"Love your enemies," says the blessed Jesus, "bless them which curse you, pray for them that despitefully use you." But, by the world, the forgiveness of injuries is ridiculed as mean and pusillanimous: every insult must be resented, even unto blood, or you are doomed to irretrievable disgrace, at the imperious tribunal which the world has erected.

"Take no thought for the morrow," was the exhortation of Christ," for the morrow will take thought for the things of itself;" that is, the providence of God, which is over all, will provide in that measure and way which to his infinite wisdom

and goodness seem best, for our spiritual wants; and therefore we should not indulge in distressful anxiety, nor be engrossed with providing for our temporal necessities, and with an attention to our worldly advancement. But when the love of the world reigns supreme in the heart, we think only of securing its wealth or its honours, or enjoying its pleasures. Our anxious desires and our unwearied exertions are fixed upon the present life; like the brutes that perish, we are eager only to gratify our sensual appetites; our souls, exalted in their powers and immortal in their destiny, are neglected, or worse than neglected-they are made tributary to the low and brutal passions of our

nature.

"Be ye perfect," says our Lord, "even as your Father in heaven is perfect." We are constantly to contemplate, to admire, and to seek to imitate the glorious perfections of God; to a resemblance of which our souls should most devoutly and ardently aspire. But the world binds us by a system of principles and rules directly opposed to the perfections and will of God-a system regulated by the varying standard of capricious and corrupt fashion, and whose only object is the gratification of the passions, and the advancement of our temporal prosperity and happiness. A lively love to God, an ardent zeal for his honour and glory, an earnest desire to be conformed to his image of purity, goodness, and love, would be branded as enthusiasm, or hypocritical sanctity, by the disciples of the world. When the Christian carefully governs his passions-when, not sullenly and austerely abstracting himself from all social pleasures, he yet strives to be moderate and tem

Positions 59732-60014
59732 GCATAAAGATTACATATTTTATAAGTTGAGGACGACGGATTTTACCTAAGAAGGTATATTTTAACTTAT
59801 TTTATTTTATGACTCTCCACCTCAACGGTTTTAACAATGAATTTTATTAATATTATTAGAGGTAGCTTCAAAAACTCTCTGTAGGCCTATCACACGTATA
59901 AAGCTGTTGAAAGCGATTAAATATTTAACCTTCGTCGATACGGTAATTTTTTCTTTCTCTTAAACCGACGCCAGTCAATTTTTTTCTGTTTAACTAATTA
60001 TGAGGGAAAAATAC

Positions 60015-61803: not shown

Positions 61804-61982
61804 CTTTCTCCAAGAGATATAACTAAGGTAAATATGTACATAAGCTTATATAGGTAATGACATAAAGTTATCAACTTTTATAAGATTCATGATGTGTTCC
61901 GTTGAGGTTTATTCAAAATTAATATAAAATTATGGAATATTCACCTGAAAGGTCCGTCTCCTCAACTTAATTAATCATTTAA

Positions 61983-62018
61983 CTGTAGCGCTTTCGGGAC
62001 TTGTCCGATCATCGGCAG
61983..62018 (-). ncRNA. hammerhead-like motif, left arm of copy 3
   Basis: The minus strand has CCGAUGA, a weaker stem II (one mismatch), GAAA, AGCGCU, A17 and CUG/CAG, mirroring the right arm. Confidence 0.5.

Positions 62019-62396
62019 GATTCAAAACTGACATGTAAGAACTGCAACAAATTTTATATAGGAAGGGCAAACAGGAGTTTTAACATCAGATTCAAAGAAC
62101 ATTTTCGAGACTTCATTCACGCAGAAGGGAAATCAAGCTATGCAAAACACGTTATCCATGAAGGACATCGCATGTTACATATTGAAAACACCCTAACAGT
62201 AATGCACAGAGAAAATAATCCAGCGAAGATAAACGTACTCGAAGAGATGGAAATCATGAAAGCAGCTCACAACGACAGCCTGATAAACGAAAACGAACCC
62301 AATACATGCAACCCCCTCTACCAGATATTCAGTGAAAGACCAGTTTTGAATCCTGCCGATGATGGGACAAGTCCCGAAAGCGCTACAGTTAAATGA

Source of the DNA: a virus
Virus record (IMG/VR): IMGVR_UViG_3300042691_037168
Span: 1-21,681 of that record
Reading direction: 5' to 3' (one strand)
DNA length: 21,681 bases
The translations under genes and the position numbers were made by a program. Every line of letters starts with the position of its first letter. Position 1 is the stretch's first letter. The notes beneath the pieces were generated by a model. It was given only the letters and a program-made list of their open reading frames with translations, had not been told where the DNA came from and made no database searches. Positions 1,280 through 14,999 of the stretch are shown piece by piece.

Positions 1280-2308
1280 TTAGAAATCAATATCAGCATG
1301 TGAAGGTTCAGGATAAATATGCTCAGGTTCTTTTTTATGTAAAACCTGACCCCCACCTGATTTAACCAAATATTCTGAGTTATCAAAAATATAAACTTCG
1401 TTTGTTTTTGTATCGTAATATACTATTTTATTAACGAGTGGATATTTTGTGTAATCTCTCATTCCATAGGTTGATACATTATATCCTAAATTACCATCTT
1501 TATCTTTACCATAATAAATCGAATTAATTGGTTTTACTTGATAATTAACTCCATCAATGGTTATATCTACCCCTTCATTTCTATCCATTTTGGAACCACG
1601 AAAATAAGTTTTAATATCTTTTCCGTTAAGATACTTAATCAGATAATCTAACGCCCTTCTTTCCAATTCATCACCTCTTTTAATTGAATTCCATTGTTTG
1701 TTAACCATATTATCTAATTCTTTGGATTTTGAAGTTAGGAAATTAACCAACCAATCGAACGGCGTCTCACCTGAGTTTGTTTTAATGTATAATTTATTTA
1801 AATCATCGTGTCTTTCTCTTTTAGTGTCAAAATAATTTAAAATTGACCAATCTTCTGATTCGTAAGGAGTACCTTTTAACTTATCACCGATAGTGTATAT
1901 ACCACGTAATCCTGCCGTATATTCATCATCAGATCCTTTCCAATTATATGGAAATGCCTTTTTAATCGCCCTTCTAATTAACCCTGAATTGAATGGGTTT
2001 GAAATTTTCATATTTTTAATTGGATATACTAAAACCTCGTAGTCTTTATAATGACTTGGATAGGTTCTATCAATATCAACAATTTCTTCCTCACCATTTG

perate in his enjoyment of them, lest they assume too great influence over his heart, and weaken his pious affections-when he scrupulously abstains from every indulgence or pursuit, however sanctioned by the world, which the pure spirit of the Gospel condemns-he is in danger of being considered as "righteous overmuch."

Since the world is thus opposed, in its principles and practice, to the principles and precepts enjoined by Christ as the characteristics of his disciples, is it possible that we can fix our affections supremely upon it, and regulate our conduct by its principles and at the same time make the will of God the rule of our conduct, his infinite perfections and goodness the object of our fervent love, and his almighty power and providence our steadfast reliance? Ah! my brethren, "no man can serve two masters: for either he will hate the one, and love the other; or cleave to the one, and despise the other. Ye cannot serve God and mammon." "The friendship of the world is enmity with God: whosoever therefore will be a friend of the world is the enemy of God."

3. The love of God and the friendship of the world prepare the soul for opposite states of being hereafter, and cannot therefore exist together.

The man whose soul is renewed after the divine image, and in whom the love of God reigns as the supreme principle of action, is redeemed from the dominion of unholy passions. His delight is in obeying the law of God, in meditating on his perfections, in adoring his goodness, and in offering to him the tribute of lively gratitude for his manifold mercies; and, thus established in all holy affections